Thursday, March 7, 2013

Things that make you wonder

AWE and WONDER are synonyms, but AWFUL and WONDERFUL are antonyms.

March 7, 1936 -
Walt Disney's Mickey's Grand Opera, premiered on this date.

I'm not a big Disney fan (especially Mickey Mouse) but this one is pretty funny. Donald Duck undergoes a major face lift after this cartoon.

March 7, 1962 -
Alain Resnais' enigmatic masterpiece, L'année dernière à Marienbad (Last Year in Marienbad), opened in the US on this date.

I'll tell you the plot - a man meets a woman at a European spa and tries to convince her (and himself) that they met one year ago. According to screenwriter Alain Robbe-Grillet, the movie is a pure construction, without a frame of reference outside of its own existence - just watch it.

March 7, 1964 -
John Frankenheimer's under- appreciated almost documentary-like thriller set set during WWII, The Train, premiered on this date.

John Frankenheimer said of this film, "I wanted all the realism possible. There are no tricks in this film. When trains crash together, they are real trains. There is no substitute for that kind of reality."

March 7, 1986 -
This was a Red Letter Day for Daniel Day Lewis. The stars somehow aligned for him and both My Beautiful Laundrette and A Room With A View, opened in NYC on this date.

Lewis was relatively unknown in the US at that time and critics raved about how great the range of his talent was to play such vastly different characters. (It's called acting)

Today in History:
March 7, 321 -
Dies Sol invicti  - "Sun-day" - was declared a public holiday in Rome.  The day of the Sun, or "Sunday" was declared to be a day of rest by the Emperor Constantine.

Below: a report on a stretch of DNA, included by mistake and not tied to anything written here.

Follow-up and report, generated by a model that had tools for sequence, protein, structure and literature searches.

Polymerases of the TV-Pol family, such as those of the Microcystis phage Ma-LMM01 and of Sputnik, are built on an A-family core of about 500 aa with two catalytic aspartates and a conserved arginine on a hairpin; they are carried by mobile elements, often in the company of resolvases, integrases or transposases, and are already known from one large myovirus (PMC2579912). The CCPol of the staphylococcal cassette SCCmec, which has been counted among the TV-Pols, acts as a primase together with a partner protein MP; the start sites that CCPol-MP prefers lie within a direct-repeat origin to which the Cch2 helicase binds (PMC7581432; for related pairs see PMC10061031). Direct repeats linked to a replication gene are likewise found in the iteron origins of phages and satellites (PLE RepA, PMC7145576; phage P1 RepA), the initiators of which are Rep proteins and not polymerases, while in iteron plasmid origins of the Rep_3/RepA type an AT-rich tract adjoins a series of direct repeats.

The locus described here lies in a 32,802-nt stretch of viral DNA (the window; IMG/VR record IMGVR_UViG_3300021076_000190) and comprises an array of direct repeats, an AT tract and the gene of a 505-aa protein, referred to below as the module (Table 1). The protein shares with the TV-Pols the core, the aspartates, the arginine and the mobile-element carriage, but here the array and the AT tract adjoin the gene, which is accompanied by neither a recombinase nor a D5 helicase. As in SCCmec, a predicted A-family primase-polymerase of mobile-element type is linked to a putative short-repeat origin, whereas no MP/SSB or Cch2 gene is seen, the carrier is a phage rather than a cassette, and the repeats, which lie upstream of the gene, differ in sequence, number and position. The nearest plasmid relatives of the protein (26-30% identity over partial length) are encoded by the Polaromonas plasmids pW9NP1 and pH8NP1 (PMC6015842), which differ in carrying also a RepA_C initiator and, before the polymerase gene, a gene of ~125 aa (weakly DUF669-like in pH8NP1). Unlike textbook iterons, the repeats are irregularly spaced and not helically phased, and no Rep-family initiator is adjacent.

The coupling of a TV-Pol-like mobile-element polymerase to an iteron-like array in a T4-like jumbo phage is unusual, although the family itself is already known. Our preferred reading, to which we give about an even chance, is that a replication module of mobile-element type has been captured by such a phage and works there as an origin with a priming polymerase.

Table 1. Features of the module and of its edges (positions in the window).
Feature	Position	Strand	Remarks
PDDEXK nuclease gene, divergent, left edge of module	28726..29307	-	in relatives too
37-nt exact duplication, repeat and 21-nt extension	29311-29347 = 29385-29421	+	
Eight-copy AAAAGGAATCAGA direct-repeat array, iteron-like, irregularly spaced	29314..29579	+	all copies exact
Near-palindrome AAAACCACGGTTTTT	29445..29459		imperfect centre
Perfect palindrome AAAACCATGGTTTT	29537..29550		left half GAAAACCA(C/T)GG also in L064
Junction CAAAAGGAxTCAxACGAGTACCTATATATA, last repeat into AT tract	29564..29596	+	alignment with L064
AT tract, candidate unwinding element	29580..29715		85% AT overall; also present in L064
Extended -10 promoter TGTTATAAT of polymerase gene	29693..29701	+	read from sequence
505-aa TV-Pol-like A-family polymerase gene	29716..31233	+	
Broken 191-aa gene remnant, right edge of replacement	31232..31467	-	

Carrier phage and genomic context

Though other religious traditions had previously adopted a day of rest during the week, this was one of the first times for a day to be set aside regularly by a secular authority.

March 7, 1923 -
Robert Frost's poem Stopping by the Woods on a Snowy Evening was first published on this day in The New Republic.

It was an instant classic, and many people still remember the lines, "The woods are lovely, dark and deep/but I have promises to keep/and miles to go before I sleep/and miles to go before I sleep."

March 7, 1933 -
Charles Darrow, for some reason claims that he invented The Monopoly board game on this date.

Thank your rich Uncle Pennybags.

(Quite truthfully, the history of the Monopoly game is so complicated, for legal reasons, just go with this date, don't ask about Elizabeth Magie's 'The Landlord Game' and her patent of March 23, 1903.)

March 7, 1945 -
Gen. George Patton urinated in the Rhine after the U.S. Third Army takes the bridge at Remagen on this date.

So remember, you can't slap a soldier for cowardice but you can piss in your enemy's river.

March 7, 1955 -
Peter Pan, the first full-length Broadway production broadcast in color, (starring Mary Martin and the show's original cast) was shown on this date.